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Earlier this month, one state appellate court issued a written opinion in a medical malpractice case brought by a woman who suffered serious injuries after a surgery that was performed by the defendant doctors. The case presented the court with the opportunity to determine the validity of a medical release waiver that the plaintiff had signed prior to undergoing the surgery. Ultimately, the court concluded that the waiver was ambiguous and contained contradictory statements. Thus, the court decided that the lower court was improper to dismiss the plaintiff’s claim based on the waiver.

TContracthe Facts of the Case

The plaintiff was required to have a spinal fusion surgery. Prior to the surgery, the plaintiff signed a release, stating:

As of January 1, 2003, [the defendants] will not carry any medical malpractice insurance. Being of sound mind and sound body, I hereby acknowledge this fact and agree not to [the defendants] for any reason. My reason for doing this is that I realize that [the defendants] will do the very best to take care of me according to community medical standards.

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Last month, an appellate court in Maryland issued a written opinion in a medical malpractice case that required the court to determine if evidence of the alleged negligence of several non-parties should have been admitted at trial. Ultimately, the court concluded that the alleged negligence of the non-parties was properly admitted because it was required to give the defendant doctor a fair trial.

Surgical ToolsThe Facts of the Case

The plaintiffs in the case were the surviving loved ones of a man who passed away from a stroke after being treated by the defendant doctor. The man’s original injuries stemmed from a racquetball accident. At the time of the accident, the man suffered from various health issues that put him at a higher risk for a stroke, such as moderate obesity and hypertension.

After his fall, the man was treated by a number of doctors, one of whom was the defendant in this case. After the defendant doctor treated the man, he was then treated by several other doctors prior to ultimately suffering from the stroke that claimed his life.

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Earlier this month, an appellate court in West Virginia issued an interesting opinion involving the potential liability of a government entity in a dog bite case. The case required the court to determine if a city may be held liable for a plaintiff’s injuries sustained after being attacked by a dog when the plaintiff had made the city aware of the dog and the dangers it posed. The court ultimately decided that a jury should be able to decide if the city should be held liable.

Pit Bull MixThe Facts of the Case

The plaintiff’s husband was viciously attacked by several dogs and later passed away due to his injuries. The dogs were not in any way owned or managed by the city. However, the plaintiff filed a wrongful death claim against the city’s dog warden, claiming that the warden was reckless in failing to address the dangerous animals.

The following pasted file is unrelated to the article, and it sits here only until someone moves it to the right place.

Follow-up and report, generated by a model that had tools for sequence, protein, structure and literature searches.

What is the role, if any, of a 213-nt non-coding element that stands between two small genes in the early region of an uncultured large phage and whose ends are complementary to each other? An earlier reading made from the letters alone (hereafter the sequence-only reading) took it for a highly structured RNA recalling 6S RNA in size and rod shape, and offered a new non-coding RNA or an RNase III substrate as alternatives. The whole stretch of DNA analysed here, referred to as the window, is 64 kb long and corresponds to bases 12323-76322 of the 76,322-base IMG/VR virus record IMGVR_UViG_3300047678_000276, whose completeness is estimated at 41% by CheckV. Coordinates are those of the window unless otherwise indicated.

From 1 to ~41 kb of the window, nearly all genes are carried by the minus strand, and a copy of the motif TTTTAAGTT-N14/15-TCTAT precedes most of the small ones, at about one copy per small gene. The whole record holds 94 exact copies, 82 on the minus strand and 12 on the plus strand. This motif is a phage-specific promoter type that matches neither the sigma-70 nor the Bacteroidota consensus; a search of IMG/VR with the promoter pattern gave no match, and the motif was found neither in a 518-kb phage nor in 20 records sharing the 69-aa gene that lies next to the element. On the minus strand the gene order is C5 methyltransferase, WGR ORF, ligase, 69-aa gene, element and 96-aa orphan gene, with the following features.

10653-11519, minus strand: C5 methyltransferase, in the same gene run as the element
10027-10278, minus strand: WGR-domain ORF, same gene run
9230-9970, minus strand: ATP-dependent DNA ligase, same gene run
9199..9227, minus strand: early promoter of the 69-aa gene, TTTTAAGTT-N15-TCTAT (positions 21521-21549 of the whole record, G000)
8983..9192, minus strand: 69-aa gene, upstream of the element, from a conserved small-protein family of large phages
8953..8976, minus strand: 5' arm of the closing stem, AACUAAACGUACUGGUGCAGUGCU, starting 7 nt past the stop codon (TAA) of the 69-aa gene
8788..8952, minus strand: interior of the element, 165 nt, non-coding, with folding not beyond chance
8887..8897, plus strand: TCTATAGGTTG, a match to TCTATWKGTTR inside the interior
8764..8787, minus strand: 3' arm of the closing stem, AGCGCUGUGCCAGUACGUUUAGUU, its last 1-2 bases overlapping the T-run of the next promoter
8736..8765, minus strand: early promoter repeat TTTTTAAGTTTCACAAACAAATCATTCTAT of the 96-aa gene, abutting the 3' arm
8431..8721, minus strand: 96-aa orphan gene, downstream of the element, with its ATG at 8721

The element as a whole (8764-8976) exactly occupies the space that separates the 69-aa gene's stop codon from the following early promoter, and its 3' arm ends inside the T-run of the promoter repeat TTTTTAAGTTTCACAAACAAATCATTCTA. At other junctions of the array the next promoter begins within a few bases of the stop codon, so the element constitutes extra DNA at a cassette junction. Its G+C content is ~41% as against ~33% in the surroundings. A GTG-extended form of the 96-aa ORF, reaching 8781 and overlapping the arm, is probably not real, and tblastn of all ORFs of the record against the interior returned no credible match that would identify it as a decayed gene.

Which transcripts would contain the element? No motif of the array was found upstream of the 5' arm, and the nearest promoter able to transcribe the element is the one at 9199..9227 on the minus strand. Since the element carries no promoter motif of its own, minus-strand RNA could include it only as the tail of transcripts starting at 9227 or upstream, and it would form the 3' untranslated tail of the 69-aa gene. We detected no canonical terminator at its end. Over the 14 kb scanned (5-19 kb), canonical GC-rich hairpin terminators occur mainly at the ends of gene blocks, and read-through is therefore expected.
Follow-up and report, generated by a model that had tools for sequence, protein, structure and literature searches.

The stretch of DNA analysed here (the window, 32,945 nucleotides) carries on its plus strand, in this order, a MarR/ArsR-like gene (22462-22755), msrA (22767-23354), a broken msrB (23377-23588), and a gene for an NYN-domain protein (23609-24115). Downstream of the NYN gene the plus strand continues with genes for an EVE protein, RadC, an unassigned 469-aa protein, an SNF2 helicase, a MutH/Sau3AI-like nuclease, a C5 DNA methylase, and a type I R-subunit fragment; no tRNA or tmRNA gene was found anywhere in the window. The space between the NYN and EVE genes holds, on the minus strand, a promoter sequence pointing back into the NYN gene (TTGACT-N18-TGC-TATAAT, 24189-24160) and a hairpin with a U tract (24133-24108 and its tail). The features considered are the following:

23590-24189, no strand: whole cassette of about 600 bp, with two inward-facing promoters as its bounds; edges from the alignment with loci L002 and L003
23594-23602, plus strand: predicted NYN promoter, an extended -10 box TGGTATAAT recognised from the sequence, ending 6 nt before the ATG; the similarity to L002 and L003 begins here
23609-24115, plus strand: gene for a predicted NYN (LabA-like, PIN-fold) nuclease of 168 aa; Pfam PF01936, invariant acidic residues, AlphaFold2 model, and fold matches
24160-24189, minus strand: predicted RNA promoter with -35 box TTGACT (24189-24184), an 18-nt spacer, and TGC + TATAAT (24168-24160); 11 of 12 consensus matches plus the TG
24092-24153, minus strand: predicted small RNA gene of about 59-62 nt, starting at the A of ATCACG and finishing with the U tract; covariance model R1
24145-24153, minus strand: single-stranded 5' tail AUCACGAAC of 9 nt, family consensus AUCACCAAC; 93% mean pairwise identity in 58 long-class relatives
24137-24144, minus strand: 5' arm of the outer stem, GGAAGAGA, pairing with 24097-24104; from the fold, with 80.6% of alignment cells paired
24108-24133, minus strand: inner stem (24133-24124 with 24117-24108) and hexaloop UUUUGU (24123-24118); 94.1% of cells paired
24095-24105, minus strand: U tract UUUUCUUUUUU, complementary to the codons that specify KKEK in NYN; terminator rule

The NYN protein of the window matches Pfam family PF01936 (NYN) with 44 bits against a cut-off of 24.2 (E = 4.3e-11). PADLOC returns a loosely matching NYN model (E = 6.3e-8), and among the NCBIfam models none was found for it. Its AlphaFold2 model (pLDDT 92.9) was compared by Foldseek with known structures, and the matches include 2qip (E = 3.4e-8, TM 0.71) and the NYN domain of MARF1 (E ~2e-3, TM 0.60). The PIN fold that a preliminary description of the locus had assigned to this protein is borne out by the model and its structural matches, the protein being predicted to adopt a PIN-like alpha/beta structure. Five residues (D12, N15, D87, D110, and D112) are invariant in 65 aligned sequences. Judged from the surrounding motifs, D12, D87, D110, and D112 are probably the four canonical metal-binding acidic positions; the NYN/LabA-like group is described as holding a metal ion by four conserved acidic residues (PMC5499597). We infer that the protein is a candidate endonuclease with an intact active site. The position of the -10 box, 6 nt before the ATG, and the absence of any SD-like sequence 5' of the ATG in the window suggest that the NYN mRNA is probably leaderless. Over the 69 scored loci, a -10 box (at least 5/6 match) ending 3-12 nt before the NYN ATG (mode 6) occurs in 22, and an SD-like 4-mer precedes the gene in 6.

Evidently, the plaintiff had called 911 to report the dogs on at least one prior occasion. In response to her calls, the dog warden told the plaintiff that “the county would take care of it.” The plaintiff also presented evidence that the dog warden knew of the dogs’ dangerous temperament. Specifically, the dog warden had been out to the owners’ home, and one of the dogs that attacked the plaintiff’s deceased husband jumped on the warden’s car. The warden later issued the owner a citation for failing to keep the dog caged or chained.

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Earlier this month, an Indiana appellate court issued a written opinion in a personal injury case involving allegations that the plaintiff was seriously injured when he was involved in an accident that was caused by the defendant, who was drunk at the time. The case presented the court with the opportunity to discuss when previous convictions for driving under the influence are admissible, and if such evidence is admissible, for which purpose the jury may consider it.

HandcuffedThe Facts of the Case

The plaintiff was driving to work when the defendant’s vehicle inexplicably crossed over the center median and collided with the plaintiff’s vehicle head-on. Police arrived on the scene and conducted a blood-alcohol test on the defendant, which revealed he was legally intoxicated. The defendant was subsequently arrested, charged, and convicted for driving under the influence.

The plaintiff later filed a personal injury case against the defendant, seeking compensation for the injuries he sustained in the accident. During the trial, the plaintiff presented evidence of the defendant’s driving history, which contained two prior instances in which the defendant was cited for driving while under the influence of alcohol in 1996 and 1983. The defendant objected to the introduction of this evidence, claiming that it was “more prejudicial than probative” and violated the rules of evidence. The court disagreed and admitted the evidence, and the jury awarded the plaintiff over $1,444,000 in compensatory damages and an additional $182,500 in punitive damages. The defendant appealed.

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Earlier this month, an appellate court in California issued a written opinion in a car accident case that was brought by a woman who was run over by a truck as she was on location fighting a wildfire. The court ultimately determined that since the woman’s injuries were caused in the course of her employment as a firefighter, she was not able to pursue a case against the driver of the vehicle that ran her over.

FiremenThe Facts of the Case

The plaintiff was a firefighter who was called out to assist in fighting a particularly serious wildfire. The team of firefighters had set up a base camp in the middle of a race track, where there were restrooms and showers. Most of the firefighters camped a short distance from the racetrack. However, by the time the plaintiff arrived at the camp, all of the sites were taken, and she had to search for another place to sleep.

The plaintiff sought permission from her supervisor to set up camp in the middle of the race track, near where base camp was set up. She was granted permission and set up camp. However, on the second night staying there, a truck that was driven by a government contractor ran over the plaintiff as she was sleeping. She sustained serious injuries and filed a personal injury lawsuit against the truck’s driver and several other government entities.